FREDERICTON (GNB) – A report tabled today by acting auditor general Janice Leahy includes an audit of the New Brunswick Workers’ Emergency Income Benefit program. This program was developed by the Department of Post-Secondary Education, Training and Labour to provide one-time funding of $900 for those whose income was affected by the COVID-19 pandemic closures until the federal aid program launched.

While the program successfully provided about $37 million in aid to over 40,000 New Brunswickers, the audit found poor controls, a weak contract and inadequate monitoring. Overall, planning for future provincial emergency benefit response programs needs improvement.

“Timely risk assessment and strong fraud prevention strategies can strengthen the overall control structure of programs, something we would hope to see for a program of this size,” said Leahy.

The audit found there was no program risk assessment, and while controls were in place to request a social insurance number, valid social insurance numbers were not obtained for 827 benefit recipients. This increased the risk of fraud as applicants could be provided with more than a single payment of the benefit. Lack of valid social insurance numbers were also part of issues involving delays in issuing appropriate tax reporting information as required by the Canada Revenue Agency.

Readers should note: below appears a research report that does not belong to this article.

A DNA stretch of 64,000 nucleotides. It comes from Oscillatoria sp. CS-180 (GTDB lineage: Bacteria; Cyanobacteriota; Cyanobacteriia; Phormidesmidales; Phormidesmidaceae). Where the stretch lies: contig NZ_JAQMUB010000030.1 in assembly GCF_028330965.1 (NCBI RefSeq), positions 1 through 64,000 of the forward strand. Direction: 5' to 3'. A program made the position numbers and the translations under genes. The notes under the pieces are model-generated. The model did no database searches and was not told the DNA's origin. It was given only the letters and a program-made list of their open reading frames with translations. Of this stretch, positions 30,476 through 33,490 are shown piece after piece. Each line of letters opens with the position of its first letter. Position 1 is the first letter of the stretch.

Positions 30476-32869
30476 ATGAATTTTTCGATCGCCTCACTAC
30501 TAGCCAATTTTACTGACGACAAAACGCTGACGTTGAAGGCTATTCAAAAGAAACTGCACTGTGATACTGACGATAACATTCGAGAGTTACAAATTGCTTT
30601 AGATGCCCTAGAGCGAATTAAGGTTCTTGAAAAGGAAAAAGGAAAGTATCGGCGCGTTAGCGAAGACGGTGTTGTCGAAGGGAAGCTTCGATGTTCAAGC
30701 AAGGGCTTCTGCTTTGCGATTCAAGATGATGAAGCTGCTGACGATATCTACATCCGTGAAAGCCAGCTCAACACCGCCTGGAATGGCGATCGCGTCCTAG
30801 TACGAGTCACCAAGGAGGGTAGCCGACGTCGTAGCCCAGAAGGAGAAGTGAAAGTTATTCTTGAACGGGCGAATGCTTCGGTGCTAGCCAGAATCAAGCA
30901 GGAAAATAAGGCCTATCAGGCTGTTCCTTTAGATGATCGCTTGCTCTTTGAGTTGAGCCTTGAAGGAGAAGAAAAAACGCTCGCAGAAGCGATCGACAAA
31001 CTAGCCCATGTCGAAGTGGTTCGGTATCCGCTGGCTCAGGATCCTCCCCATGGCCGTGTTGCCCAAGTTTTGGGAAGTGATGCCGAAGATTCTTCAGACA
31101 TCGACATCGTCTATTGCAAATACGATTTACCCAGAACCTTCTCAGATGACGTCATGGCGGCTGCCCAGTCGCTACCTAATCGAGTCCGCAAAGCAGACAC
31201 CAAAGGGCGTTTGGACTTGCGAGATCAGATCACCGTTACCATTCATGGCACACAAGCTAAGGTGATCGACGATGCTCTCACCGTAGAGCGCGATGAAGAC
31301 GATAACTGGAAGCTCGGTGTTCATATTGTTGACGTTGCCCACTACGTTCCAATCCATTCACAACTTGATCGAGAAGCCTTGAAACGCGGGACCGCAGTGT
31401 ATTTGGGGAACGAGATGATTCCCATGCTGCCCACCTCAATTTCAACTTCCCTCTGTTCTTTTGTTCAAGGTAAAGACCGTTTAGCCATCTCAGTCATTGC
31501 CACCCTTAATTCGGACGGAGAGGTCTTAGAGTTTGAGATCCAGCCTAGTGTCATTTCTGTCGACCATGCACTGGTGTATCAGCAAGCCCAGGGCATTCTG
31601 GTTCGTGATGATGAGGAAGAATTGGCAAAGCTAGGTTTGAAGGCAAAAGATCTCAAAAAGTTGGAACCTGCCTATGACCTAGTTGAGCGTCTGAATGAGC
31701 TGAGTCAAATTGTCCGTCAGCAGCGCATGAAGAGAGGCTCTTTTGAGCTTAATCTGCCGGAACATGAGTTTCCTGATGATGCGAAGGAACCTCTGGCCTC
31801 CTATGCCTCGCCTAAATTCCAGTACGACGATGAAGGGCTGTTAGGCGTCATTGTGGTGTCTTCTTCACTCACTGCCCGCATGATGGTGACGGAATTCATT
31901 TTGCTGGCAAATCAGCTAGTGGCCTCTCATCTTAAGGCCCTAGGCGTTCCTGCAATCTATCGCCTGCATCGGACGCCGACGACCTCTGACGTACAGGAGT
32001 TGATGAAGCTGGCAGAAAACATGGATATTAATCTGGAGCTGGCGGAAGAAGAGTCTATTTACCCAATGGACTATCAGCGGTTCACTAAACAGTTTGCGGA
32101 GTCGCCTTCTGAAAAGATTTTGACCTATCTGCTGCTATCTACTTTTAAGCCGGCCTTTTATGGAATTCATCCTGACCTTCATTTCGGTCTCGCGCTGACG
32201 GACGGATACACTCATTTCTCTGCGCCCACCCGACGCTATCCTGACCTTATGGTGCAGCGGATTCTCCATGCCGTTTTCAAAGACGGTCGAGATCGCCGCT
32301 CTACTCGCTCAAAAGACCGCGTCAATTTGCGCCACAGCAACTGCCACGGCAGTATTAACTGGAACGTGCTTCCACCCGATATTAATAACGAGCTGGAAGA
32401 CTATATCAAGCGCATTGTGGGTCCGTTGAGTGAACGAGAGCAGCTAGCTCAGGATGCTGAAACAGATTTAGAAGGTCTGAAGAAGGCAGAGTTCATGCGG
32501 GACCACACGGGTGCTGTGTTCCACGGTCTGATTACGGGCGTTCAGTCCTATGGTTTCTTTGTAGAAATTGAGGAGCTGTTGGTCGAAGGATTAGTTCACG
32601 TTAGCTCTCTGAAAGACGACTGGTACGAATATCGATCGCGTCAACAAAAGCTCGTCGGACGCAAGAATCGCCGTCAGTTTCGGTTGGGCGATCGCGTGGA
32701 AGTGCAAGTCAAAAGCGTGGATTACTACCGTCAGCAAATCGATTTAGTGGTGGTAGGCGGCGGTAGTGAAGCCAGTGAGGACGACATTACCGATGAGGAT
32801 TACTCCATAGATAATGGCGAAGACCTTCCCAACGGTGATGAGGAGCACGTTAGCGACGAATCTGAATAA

The audit also found poor controls in providing over $50 million in advance payments to a service provider to administer the program, and then not collecting unused funding of $15.8 million until January 2021, well after the program had terminated. In addition, the department contracted with the service provider to implement the program without clearly specifying the roles and responsibilities of the contracted parties. The contract failed to include an appeal process or detail resources required for critical program activities.

“Lack of monitoring by the department is also concerning,” Leahy said. “This impacts the accountability of the service provider to the department, and ultimately to New Brunswick taxpayers. Oversight and monitoring of programs to help the most vulnerable should be a priority for government.”

There has been no public reporting on the performance of this program by the department to date.

“We realize the department was required to plan and implement the program in a very short timeframe due to the nature of the pandemic and the need to respond quickly to the needs of impacted New Brunswick residents,” said Leahy. “The aim of our audit was to provide recommendations for future improvements when government departments are faced with similar situations.”

The report contains 14 recommendations to the department addressing planning, contracting, and monitoring weaknesses in the program planning and implementation processes. The acting auditor general also made one recommendation to the Executive Council Office to create a formalized process to support departments tasked with new activities during an emergency situation such as the pandemic.

The full report is available online.